In 25 Years, U.S. Children Make Fragile Progress, Kids Count Analysis Finds

Economic instability and racial disparities threaten American children's educational and health progress, according to a new study.


What Happens to the Kids Who Ruled Middle School?

Middle school popularity wanes, but the early drug use and criminal behavior stick around.


Exit Exams Need Overhaul, Report Says

A report critiquing high school exit exams continues a series of recent studies looking at the unintended consequences of boosting graduation requirements.


Tougher High School Exit Criteria May Not Boost College Prospects, Study Says

State efforts to toughen science and mathematics requirements for graduation may mean fewer students make it through high school and to college, according to a new study in the journal Education Researcher.


Grants Awarded for Three Low-Cost Randomized Trials

The White House and the Coalition for Evidence-Based Policy in Washington are doubling down on the use of experimental studies to find what works in policy and practice, with a pilot competition funding three low-cost randomized trials in education, health, and workplace safety and a White House summit on how to use them.


Education Department Launches $3 Million Evaluation of Khan Academy

The U.S. Department of Education has launched a $3 million randomized control trial to gauge the effectiveness of Khan Academy, the now-ubiquitous online-learning site that popularized the "flipped classroom" model.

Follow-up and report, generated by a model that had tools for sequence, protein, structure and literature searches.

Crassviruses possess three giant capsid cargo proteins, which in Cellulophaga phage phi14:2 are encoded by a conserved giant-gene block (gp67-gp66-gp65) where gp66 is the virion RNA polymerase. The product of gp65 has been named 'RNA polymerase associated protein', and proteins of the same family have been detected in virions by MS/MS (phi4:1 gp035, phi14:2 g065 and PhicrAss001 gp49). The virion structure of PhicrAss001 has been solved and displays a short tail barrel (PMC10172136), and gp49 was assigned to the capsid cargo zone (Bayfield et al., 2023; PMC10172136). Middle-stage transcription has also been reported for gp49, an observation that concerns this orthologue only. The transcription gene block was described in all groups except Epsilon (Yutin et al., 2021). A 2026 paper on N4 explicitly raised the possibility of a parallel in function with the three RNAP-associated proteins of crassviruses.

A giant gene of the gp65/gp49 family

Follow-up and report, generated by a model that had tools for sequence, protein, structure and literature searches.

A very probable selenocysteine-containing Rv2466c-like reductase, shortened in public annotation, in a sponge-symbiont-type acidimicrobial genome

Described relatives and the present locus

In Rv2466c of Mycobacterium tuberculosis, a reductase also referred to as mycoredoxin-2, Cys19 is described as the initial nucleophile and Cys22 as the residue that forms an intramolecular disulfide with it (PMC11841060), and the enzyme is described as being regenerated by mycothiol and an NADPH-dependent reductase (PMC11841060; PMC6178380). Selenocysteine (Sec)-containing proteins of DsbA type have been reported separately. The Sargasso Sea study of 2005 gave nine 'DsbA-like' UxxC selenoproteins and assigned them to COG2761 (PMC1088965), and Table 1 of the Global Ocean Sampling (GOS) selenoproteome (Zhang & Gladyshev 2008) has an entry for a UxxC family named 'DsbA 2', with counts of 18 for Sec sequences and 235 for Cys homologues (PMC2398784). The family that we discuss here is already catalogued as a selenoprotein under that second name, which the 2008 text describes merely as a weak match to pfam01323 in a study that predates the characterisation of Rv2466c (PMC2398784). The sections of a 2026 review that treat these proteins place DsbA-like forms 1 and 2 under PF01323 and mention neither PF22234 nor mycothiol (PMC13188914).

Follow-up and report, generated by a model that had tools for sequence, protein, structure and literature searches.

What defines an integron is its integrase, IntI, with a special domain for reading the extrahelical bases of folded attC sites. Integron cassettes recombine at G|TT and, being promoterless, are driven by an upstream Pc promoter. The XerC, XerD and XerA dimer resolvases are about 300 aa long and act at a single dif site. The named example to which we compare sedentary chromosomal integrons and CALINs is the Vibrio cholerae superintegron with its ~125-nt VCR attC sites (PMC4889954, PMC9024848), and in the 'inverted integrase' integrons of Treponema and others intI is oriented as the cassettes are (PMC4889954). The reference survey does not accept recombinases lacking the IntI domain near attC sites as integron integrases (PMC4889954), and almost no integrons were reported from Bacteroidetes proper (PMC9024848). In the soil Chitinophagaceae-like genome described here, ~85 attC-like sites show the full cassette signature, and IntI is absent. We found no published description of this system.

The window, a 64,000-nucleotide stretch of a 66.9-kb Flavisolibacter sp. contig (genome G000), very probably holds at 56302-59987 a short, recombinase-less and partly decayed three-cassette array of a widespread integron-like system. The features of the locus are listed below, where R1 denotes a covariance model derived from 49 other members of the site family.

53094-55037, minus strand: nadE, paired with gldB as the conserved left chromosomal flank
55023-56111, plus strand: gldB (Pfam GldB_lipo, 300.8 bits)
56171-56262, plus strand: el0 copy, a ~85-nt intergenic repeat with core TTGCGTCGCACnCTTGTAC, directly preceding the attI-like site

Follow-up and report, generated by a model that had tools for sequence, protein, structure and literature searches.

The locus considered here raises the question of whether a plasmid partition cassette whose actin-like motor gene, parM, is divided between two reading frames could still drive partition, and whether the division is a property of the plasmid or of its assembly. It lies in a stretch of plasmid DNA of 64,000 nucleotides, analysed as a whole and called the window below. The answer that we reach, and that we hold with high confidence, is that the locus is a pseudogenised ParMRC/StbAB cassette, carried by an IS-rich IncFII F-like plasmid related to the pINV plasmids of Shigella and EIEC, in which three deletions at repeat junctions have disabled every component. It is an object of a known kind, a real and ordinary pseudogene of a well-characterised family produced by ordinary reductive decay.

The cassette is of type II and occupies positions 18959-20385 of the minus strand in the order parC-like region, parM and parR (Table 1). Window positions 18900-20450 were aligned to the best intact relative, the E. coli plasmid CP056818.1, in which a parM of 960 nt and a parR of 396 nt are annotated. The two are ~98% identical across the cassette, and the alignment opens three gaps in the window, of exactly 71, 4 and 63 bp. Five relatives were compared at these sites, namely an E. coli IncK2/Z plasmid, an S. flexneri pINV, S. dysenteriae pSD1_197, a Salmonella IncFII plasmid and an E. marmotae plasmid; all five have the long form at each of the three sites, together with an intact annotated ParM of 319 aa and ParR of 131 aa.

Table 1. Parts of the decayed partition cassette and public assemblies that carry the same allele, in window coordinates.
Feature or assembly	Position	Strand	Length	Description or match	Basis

Happy Atoms and Math Games: New Ed Businesses Win Federal Seed Money

The U.S. Department of Education's research agency will help 15 new education entrepreneurs conduct research and development for interventions in science, language and other areas.


Want More Kids to Graduate? Report Suggests Starting with Mom and Dad

A new report suggests "dual generation" anti-poverty programs could boost the achievement and prosperity of parents and children alike.


U.S. Teenagers Really Don't Know the Value of a Dollar, Global Test Shows

A majority of U.S. 15-year-olds can recognize a bill for services, but they struggle to understand most financial concepts, finds the first test of financial literacy in the Program of International Student Assessment.


New ED Research Partnerships Tackle Teacher IMPACT, Gritty Grades, and More

The U.S. Education Department is launching 18 new research partnerships around critical education issues.


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